I’m just guessing on that, but I think there are licensing considerations in addition to the pure “buy from us, we give you additional services” motivation.

      • Pierre Says:

        Ah, yes those pesky copyright rules. I admit I forgot about that. Even without the “buy from us” considerations that would probably prevent them from ever implementing a feature to sync non-Amazon books across devices.

      • bufocalvin Says:

        Interestingly, I could see them doing it for public domain books…if there was a good easy way to establish the status. It can be hard to determine, especialy for the readers who would probably need to attest to it.

      • Tom Semple Says:

        There are several ebook platforms that allow you to add content to your account’s library in the cloud, and synch reading position, regardless of whether you obtained it through them or not:
        Ibis Reader

        txtr even allows you to set sharing options for the content (which presumably would need to be DRM-free).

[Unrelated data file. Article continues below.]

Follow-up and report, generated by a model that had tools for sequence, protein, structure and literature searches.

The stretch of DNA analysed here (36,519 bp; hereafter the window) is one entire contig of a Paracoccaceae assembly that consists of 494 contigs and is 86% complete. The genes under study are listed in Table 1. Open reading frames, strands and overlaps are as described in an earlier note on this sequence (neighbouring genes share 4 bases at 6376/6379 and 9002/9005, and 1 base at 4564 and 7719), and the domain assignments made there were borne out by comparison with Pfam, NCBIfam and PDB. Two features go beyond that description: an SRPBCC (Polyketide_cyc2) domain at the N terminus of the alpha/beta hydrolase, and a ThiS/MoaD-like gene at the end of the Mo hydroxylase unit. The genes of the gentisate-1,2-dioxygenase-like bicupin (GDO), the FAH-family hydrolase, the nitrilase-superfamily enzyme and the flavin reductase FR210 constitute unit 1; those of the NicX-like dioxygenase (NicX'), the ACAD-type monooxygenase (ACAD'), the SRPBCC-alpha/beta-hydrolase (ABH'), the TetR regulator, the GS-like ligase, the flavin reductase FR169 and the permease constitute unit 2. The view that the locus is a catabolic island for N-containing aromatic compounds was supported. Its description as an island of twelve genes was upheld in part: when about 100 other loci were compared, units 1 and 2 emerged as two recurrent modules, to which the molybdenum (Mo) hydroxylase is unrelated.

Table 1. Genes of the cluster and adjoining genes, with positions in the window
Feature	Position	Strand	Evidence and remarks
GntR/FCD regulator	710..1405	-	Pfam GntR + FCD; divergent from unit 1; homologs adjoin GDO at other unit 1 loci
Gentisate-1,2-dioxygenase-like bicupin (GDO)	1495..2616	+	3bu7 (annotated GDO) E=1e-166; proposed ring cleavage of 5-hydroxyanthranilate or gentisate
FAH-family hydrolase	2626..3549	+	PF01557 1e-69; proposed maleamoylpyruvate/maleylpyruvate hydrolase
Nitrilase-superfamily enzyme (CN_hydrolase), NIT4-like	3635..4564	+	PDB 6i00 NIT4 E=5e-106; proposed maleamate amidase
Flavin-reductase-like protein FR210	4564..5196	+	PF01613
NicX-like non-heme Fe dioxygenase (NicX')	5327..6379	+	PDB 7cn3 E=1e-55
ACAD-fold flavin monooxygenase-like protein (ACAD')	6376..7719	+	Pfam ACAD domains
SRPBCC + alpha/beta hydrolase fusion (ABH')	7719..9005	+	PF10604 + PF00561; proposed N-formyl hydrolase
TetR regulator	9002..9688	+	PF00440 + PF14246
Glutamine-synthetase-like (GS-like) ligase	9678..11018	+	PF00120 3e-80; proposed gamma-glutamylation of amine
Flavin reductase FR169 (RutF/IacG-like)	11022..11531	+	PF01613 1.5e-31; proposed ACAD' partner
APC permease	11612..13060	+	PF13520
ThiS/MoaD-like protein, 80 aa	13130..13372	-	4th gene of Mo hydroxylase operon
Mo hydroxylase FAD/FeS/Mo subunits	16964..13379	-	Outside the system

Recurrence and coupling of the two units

I don’t see any reason why Amazon couldn’t provide the same service, and even charge a bit for it (one of their businesses is selling cloud storage). It is not as if they would be making the content available to everyone. If they discover abuse, they can always pull the plug on the account.

        Of course you can use things like Dropbox or Google Docs that are accessible from anywhere, but the key ingredient that is missing with such solutions is synching of reading position and annotations. For that, it really needs to be part of the ebook platform.

  3. Magno Says:

    I think it will be nice when we can read our periodicals in these versions of Kindle. I, for example, signed the Issac Asimov’s Magazine and I only can read it on Kindle device, not in iPad, PC or Mac version. Ok, there is a limitation for devices in contract but I’d like to choose the device 🙂